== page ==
“Concentrating on the upstart revivalism and social reform of the Methodists, Baptists, and Salvationists in late nineteenth-century Boston, Hartley’s carefully researched and well-written book is a landmark study of urban evangelicalism in post-Civil War America. In particular, he shows how eclectic, cantankerous, and contentious evangelicals, both men and women, brought together revivalism and social reform, anti-Catholic and labor politics, and local revivals and international mission. Evangelicals built institutions, addressed the evils of the city, fought with each other over doctrines and priorities, and eventually saw their influence ebb in the face of new forces at the beginning of the twentieth century. Hartley’s terse and persuasive analysis of urban evangelicalism before fundamentalism gathered traction fills a significant gap in our knowledge.”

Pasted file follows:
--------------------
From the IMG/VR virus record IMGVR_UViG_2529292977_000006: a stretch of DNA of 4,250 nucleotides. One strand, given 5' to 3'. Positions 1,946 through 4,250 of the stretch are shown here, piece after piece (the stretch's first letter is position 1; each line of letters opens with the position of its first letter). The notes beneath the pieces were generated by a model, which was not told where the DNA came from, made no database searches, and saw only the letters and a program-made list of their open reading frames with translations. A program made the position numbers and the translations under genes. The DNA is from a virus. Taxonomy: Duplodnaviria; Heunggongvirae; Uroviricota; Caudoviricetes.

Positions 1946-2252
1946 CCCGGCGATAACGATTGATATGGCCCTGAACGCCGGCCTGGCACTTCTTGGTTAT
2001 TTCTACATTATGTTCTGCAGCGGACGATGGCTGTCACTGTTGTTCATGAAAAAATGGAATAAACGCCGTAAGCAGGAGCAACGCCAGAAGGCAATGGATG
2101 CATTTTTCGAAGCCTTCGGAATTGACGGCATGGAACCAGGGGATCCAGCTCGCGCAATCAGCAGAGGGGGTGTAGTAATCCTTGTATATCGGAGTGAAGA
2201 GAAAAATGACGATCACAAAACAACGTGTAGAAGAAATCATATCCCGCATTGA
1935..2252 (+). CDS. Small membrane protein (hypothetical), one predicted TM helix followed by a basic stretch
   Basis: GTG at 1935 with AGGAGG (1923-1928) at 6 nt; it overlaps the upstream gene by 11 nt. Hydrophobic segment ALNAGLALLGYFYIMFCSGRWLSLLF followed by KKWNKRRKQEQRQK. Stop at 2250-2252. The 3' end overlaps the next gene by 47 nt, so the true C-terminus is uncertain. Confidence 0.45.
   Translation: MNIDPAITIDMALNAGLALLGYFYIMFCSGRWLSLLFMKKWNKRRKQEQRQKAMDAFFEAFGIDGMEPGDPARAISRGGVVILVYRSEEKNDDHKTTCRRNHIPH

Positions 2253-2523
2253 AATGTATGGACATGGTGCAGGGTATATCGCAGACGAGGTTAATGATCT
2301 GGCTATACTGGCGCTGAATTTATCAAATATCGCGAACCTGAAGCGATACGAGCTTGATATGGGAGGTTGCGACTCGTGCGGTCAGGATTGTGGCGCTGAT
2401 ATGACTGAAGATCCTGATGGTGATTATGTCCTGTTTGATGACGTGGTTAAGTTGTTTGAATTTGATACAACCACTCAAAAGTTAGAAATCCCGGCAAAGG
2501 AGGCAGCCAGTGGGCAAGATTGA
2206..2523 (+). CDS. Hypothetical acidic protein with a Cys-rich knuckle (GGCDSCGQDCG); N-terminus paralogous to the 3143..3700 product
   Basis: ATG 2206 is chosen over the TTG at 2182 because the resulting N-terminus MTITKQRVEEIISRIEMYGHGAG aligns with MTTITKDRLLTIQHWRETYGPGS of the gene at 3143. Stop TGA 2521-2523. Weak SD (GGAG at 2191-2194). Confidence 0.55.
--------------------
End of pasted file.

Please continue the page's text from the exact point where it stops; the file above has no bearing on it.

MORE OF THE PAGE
– David Hempton, Alonzo L. McDonald Family Professor of Evangelical Theological Studies, Harvard Divinity School
Below are some scholarly reviews of my book in various academic journals:
SCHOLARLY REVIEW: Hamilton, Barry W. Fides et Historia, May 2012, 129-131.
OTHER SCHOLARLY REVIEWS: Click Here